Next I read Barbara Demick’s harrowing “Nothing to Envy: Ordinary Lives in North Korea.” Then Adam Johnson’s brilliant “The Orphan Master’s Son: A Novel.” Last week, Blaine Harden’s riveting “Escape from Camp 14: One Man’s Remarkable Odyssey from North Korea to Freedom in the West.” Next in the queue, “Escape from North Korea: The Untold Story of Asia’s Underground Railroad,” by Melanie Kirkpatrick.

If you’re more a viewer than a reader, watch “Inside North Korea” and “Camp 14: Total Control Zone.”

One can’t read those books and watch those films and not be alternately repulsed, saddened, horrified, angered, and ultimately, changed.

I believe most people are rational, well intentioned, and deserving of respect. From the time my daughters first started talking, I took time to explain to them my expectations, decisions, and actions. In turn, I tried to defuse conflicts by listening to them. I believe in non-violent social change. Like Gandhi, I believe that “an eye for an eye makes the whole world blind.” I believe diplomacy always holds more promise for international conflict resolution than military action.

And so why did former New Mexico governor Bill Richardson’s and Google Executive Chairman Eric Schmidt’s trip to North Korea anger me so much last week? Because my North Korea self-study has challenged much of what I believe to be true about global politics. I’m not sure anything I wrote in the previous paragraph applies to North Korea. The leadership is not rational and the regime isn’t just evil in the context of contemporary world politics, but in the course of human history. I have absolutely no faith that diplomacy will bring about any meaningful change. I’m not sure of the best course of action, but I know Richardson and “Rock Star” Schmidt are making matters worse by helping delude the outside world that North Korea is changing for the better.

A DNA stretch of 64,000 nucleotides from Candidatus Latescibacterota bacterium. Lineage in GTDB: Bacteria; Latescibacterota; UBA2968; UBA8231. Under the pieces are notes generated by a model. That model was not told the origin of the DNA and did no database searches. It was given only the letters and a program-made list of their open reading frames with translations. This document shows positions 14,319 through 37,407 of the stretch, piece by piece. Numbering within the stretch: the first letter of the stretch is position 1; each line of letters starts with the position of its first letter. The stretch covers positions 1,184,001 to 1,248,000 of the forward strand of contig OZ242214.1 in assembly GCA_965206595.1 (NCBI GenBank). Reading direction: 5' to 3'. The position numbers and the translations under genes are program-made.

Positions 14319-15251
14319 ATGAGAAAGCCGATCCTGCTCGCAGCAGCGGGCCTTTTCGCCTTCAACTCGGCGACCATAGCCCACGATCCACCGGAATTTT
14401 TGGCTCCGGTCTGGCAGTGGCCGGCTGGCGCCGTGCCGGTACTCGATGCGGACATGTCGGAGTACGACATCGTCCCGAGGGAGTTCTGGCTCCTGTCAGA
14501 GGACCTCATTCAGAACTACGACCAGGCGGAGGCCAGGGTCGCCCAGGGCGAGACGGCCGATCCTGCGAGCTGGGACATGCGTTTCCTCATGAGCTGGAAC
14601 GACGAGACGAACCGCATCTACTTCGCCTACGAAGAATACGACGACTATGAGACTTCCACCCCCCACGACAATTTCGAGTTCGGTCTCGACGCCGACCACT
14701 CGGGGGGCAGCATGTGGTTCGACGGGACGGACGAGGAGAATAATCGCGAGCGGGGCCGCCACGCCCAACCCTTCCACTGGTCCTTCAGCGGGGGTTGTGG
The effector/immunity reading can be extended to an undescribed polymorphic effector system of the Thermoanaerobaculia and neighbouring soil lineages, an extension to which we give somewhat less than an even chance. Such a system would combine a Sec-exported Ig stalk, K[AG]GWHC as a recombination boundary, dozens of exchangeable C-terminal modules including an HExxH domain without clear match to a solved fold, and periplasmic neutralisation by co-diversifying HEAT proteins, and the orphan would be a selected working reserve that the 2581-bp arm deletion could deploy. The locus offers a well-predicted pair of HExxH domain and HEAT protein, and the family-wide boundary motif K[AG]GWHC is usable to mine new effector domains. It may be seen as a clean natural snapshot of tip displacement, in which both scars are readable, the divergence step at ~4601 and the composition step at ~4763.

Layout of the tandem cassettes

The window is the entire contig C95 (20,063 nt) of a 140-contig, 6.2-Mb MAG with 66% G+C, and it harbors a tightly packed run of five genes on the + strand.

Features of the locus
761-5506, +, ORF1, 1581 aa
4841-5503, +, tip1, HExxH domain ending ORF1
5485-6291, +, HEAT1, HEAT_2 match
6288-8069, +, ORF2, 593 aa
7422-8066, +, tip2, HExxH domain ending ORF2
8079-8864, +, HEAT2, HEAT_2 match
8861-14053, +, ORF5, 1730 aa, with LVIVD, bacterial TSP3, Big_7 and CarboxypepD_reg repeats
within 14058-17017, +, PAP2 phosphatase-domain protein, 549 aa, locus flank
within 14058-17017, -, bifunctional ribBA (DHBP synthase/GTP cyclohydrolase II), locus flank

It’s reprehensible for Richardson to say, “the naming of a new U.S. secretary of state could also help reset dialogue”. Yeah right, North Korea is the way it is because of Hilary Clinton. That’s an embarrassingly stupid statement for someone with Richardson’s credentials to make. And when a CNN television anchor interviewed Richardson, all she was concerned about was 44 year-old Kenneth Bae, an American being held in North Korea. No concern for the 23 million ordinary North Koreans whose lives are the most hellish on the planet.

Blaine Harden and Suzanne Scholte explain the problem this way.

“In a media culture that feeds on celebrity, no movie star, no pop idol, no Nobel Prize winner stepped forward to demand that outsiders invest emotionally in a distant issue that lacks good video. Tibetans have the Dalai Lama and Richard Gere, Burmese have Aung San Suu Kyi, Darfurians have Mia Farrow and George Clooney. North Koreans have no one like that.”

In part, that’s why I resolve to use this humble blog from time to time to inform others about North Korea, to agitate on behalf of impoverished and imprisoned North Koreans, and to criticize naive, misguided public figures.

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Free and Independent

While cycling in the hinterlands, I heard this read today on National Public radio. The reading left me in awe of the authors. Incredibly well constructed and powerful. Too often lost in the day’s pyrotechnics.

IN CONGRESS, July 4, 1776.

The unanimous Declaration of the thirteen united States of America,

When in the Course of human events, it becomes necessary for one people to dissolve the political bands which have connected them with another, and to assume among the powers of the earth, the separate and equal station to which the Laws of Nature and of Nature’s God entitle them, a decent respect to the opinions of mankind requires that they should declare the causes which impel them to the separation.